A clever satire on race and class in America’s greatest city, The Dishwasher is a contemporary quest narrative set against the backdrop of trendy, high-end restaurants. One of the smartest shorts of 2019, the film, from Sam Roden and Nick Hartanto, is remarkable for the deft way it shoehorns into its plot so many contemporary topics: from superstar culture and the exploitation it fuels, to issues of cultural appropriation and authenticity. These themes serve to highlight the larger contradictory forces at play in immigrant assimilation to the US, and serve as a snapshot of the current state of the American Dream. Despite these heady concerns, the film is never self-serious though, as it incorporates them seamlessly into a straightforward and frequently funny story, full of setbacks and pratfalls, that is as entertaining as it is thought-provoking.
Nicolás, a Mexican immigrant, is a dishwasher at a fine dining restaurant in New York. When his head chef challenges him to find handmade tortillas for a surprise addition to their menu, Nicolás jumps at the opportunity to prove himself, embarking on a journey that ultimately tests the limits of his ambition. Inspired by real events, and informed by Roden and Hartanto’s experience working in Michelin star restaurants in NYC and San Francisco, there is an authenticity to The Dishwasher that rings true. Though the setup is particular to the restaurant industry, in character it isn’t different than any number of other competitive fields, from software design to filmmaking, where dictatorial “geniuses” hold sway and innumerable replacements are champing at the bit for their chance to be underpaid and overworked.
Jokes are certainly made at the expense of the pretentious restaurant culture that sends Nicolás on his quest, but the satire is not played overly broad. Elisha Yaffe, familiar to S/W fans for his prodigious short film career, plays the celebrity chef and while his request is mildly racist (the blithe assumption that the Mexican in his kitchen knows where to find the “real” tortillas) he isn’t a caricature à la Meryl Streep in The Devil Wears Prada. Instead, the film finds humor in small absurdities—it is immediately revealed that the acclaimed “authentic” Mexican restaurant in the immigrant-heavy neighborhood Nicolás lives uses store-bought tortillas. This central irony, that he is sent on a quest for a product that doesn’t exist, in order to cater to an upscale, largely white clientele for whom authenticity is such a defining virtue that it must be manufactured when it cannot be found, is deliciously potent. It neatly delineates the two worlds—that of the old-world heritage from which Nicolás comes from, and that of the American culture of success, appropriation, and commodification to which he aspires to.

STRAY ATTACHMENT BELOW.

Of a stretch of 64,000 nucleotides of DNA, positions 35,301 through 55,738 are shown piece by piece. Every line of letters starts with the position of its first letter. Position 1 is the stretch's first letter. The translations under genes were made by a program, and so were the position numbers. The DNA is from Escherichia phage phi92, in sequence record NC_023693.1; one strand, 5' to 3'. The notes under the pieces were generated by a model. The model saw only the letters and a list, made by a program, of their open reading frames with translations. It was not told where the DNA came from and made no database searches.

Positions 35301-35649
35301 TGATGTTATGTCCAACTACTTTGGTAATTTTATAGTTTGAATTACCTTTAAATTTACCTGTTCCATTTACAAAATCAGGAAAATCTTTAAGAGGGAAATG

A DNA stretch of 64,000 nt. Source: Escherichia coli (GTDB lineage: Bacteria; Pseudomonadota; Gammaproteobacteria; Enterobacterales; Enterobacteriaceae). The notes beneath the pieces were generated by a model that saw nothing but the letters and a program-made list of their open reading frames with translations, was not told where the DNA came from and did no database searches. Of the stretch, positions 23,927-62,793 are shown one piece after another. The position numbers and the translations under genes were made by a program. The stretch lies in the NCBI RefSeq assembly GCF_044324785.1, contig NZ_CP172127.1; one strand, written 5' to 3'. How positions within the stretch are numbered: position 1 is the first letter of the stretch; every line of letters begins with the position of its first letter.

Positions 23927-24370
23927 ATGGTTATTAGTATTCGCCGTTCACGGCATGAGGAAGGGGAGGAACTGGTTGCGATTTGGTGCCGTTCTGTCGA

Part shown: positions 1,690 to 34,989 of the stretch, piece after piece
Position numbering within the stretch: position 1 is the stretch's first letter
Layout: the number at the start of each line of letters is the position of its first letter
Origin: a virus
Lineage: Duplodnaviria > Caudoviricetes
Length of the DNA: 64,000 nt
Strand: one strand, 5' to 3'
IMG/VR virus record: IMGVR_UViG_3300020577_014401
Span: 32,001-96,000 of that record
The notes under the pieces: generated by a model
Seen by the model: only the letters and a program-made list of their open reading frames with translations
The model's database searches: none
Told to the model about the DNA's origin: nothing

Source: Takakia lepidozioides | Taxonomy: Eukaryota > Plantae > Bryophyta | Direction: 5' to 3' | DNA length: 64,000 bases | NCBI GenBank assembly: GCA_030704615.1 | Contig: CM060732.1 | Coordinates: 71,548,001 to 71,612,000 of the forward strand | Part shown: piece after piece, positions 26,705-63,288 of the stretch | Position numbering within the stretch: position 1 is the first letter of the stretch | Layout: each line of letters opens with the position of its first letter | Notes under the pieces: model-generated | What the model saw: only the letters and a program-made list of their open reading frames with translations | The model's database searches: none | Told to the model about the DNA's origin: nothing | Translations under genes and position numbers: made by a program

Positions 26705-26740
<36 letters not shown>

Yet Nicolás persists. The fine line Roden and Hartanto walk is to be perceptive to this state of affairs, take their shots where they can, but not oversell the critique. Pointedly they remain sympathetic to Nicolás, who is never portrayed as a rube in a capitalistic rat race (though others in the film suggest as much to him). Nicolás’ community cannot understand why the objectively correct answer to his quest—homemade tortillas are a myth, his errand is misguided, and he should explain as much to his boss—can still be the wrong answer to Nicolás and to the culture in which he is trying to prove himself. Authenticity as a concept becomes beside the point, as the conflict of the film shifts from the simple procuring of the tortillas to his internal psychology as he navigates the competing cultural and class expectations that assail him from either side of the two world divide. It is a version of the classic “buying in” versus “selling out” debate familiar to most young people with ambition, but uniquely poignant to Nicolás as an immigrant—how much degradation—cultural and economic—is Nicolás is willing to endure in order to realize his dream of success?
Throughout the film, it feels like Roden and Hartanto paint themselves into a narrative corner, but the resolution of the film is a genuine surprise and riotously pitch-perfect. Nicolás finds his answer, but the film cannot adjudicate the irresolvable tension at its core. The status of the project, a micro-budget film production fueled by the efforts of a generous crew and donated services invites the meta-critique—whether in a restaurant or in film, going above and beyond with gusto, and the ability to produce without excuses is a paramount virtue for the young and hungry. The Dishwasher invites reflection, but the game that is the American Dream is undefeated.